• Disposable sterile GI endoscopes/bronchoscopes (4 manufacturers) • Steam sterilization for GI endoscopes (1 bronchoscope manufacturer) • Use of non-endoscope methods to diagnosis or treat disease (e.g.,

    capsule endoscopy, stool or blood tests to detect GI cancer, stool DNA

    test)

    • Improved GI endoscope design (to reduce or eliminate reprocessing challenges-based on 50y of experience unlikely to resolve problem;

    closed channel duodenoscopes increased risk)

  • Semicritical Medical Devices Rutala et al. AJIC 2016;44:e47

    • Semicritical • Transmission: direct contact • Control measure: high-level disinfection • Endoscopes top ECRI list of 10 technology

    hazards, >130 outbreaks (GI, bronchoscopes)

    • 0 margin of safety • Microbial load, 107-1010 • Complexity • Biofilm

    • Other semicritical devices, rare outbreaks • ENT scopes, endocavitary probes (prostate,

    vaginal, TEE), laryngoscopes, cystoscopes

    • Reduced microbial load, less complex

  • Reprocessing Reusable Medical/Surgical Devices

    • Shift from HLD to sterilization dependent on technology • Most infections associated with endoscopes • Perfuse channeled scopes • Reprocessing laryngoscopes • Endocavitary probes • Ultrasound probe reprocessing

  • Infections/Outbreaks Associated with Semicritical Medical Devices

    Rutala, Weber, AJIC, In preparation

    Medical Device No. Outbreaks/Infections No. Outbreaks/Infections with

    Bloodborne Pathogens

    Vaginal Probes 0 0

    Ear-Nose-Throat Endoscopes 0 0

    Cystoscopes 5 0

    Hysteroscopes 0 0

    Laryngoscopes 1 0

    Ureteroscopes 1 0

    Prostate Probes 3 0

    TEE-Transesophageal echocardiogram 3 0

    GI Endoscopes/Bronchoscopes ~130 4 (HBV-1 GI; HCV-3 GI; HIV-0)

  • Infections/Outbreaks Associated with Semicritical Medical Devices

    Rutala, Weber, AJIC, In preparation

    • HBV and HCV transmission during endoscopy and use of semicritical medical devices can occur, but it is rare

    • Four reports of HCV and HBV transmission related to breaches involved in GI endoscope reprocessing

    • No articles related to possible transmission of HIV via medical device • Greatest evidence of transmission associated with GI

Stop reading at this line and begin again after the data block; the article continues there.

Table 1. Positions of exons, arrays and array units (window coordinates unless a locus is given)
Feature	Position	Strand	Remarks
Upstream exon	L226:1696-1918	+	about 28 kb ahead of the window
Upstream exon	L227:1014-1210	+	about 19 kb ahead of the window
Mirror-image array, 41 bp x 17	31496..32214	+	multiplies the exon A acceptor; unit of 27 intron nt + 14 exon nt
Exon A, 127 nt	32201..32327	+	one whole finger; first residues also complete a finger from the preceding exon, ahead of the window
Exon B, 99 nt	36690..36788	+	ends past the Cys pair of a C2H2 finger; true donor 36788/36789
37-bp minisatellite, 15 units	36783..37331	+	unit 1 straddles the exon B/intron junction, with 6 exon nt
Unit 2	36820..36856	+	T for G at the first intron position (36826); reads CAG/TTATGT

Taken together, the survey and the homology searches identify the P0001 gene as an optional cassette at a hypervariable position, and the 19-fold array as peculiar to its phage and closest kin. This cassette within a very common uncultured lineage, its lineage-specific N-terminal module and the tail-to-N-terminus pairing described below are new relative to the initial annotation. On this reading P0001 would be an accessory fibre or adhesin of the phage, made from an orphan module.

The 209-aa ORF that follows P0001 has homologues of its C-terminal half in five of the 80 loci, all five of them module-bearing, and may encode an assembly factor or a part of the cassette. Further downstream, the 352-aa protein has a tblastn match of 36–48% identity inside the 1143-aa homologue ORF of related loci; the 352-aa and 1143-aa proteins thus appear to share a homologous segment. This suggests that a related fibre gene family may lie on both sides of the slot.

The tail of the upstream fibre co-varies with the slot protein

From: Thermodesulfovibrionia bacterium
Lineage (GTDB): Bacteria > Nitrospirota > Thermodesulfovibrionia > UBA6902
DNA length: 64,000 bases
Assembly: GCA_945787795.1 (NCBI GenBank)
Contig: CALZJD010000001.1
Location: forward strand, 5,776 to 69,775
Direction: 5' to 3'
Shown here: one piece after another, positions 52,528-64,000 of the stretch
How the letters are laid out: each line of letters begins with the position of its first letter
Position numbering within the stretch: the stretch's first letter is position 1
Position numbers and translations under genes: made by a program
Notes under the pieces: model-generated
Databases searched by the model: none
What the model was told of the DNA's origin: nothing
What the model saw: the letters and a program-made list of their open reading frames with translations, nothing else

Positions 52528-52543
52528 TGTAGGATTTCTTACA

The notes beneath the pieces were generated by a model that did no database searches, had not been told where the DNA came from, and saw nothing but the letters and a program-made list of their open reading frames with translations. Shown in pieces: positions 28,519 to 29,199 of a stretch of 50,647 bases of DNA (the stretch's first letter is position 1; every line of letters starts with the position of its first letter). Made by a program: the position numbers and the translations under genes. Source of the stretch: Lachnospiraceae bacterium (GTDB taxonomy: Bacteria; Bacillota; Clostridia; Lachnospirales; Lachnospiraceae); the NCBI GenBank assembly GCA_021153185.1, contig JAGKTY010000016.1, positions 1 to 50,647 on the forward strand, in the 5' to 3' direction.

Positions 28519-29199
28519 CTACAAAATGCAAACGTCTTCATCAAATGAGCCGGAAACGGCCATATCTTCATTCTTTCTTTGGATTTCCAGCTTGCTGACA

endoscopes/bronchoscopes(~130 outbreaks) likely due to microbial load

    and complexity.

    • Other semicritical medical devices are rarely associated with infections related to inadequate reprocessing

  • High-Level Disinfection of “Semicritical Objects”

    Exposure Time > 8m-45m (US), 20oC

    Germicide Concentration_____

    Glutaraldehyde > 2.0% Ortho-phthalaldehyde 0.55% Hydrogen peroxide* 7.5% Hydrogen peroxide and peracetic acid* 1.0%/0.08% Hydrogen peroxide and peracetic acid* 7.5%/0.23% Hypochlorite (free chlorine)* 650-675 ppm Accelerated hydrogen peroxide 2.0% Peracetic acid 0.2% Glut and isopropanol 3.4%/26% Glut and phenol/phenate** 1.21%/1.93%___

    *May cause cosmetic and functional damage; **efficacy not verified

  • Microbiological Disinfectant Hierarchy Rutala WA, Weber DJ, HICPAC. www.cdc.gov

    Spores (C. difficile) HLD

    Mycobacteria (M. tuberculosis)

    Non-Enveloped Viruses (norovirus, HAV, polio)

    Fungi (Candida, Trichophyton)

    Bacteria (MRSA, VRE, Acinetobacter)

    Enveloped Viruses (HIV, HSV, Flu) Most Susceptible

    Most Resistant

  • Reason for Endoscope-Related Outbreaks Rutala WA, Weber DJ. Infect Control Hosp Epidemiol 2015;36:643-648

    • Margin of safety with endoscope reprocessing minimal or non-existent • Microbial load

    GI endoscopes contain 107-10

    Cleaning results in 2-6 log10 reduction

    High-level disinfection results in 4-6 log10 reduction

    Results in a total 6-12 log10 reduction of microbes

    Level of contamination after processing: 4log10 (maximum contamination,

    minimal cleaning/HLD)

    • Complexity of endoscope and endoscope reprocessing • Biofilms-could contribute to failure of endoscope reprocessing

  • Microbial Surveillance of GI Endoscopes Saliou et al. Endoscopy. 2016

    Characteristics of Sample Action Level (TCU>100/scope) or EIP

    Gastroscope 26.6%

    Colonoscope 33.7%

    Duodenoscope 34.7%

    Echo-endoscope 31.9%

    AER 27.2%

    Manual 39.3%

    Age of endoscope 2 years 38.8%

  • Visual Inspection of GI Endoscopes an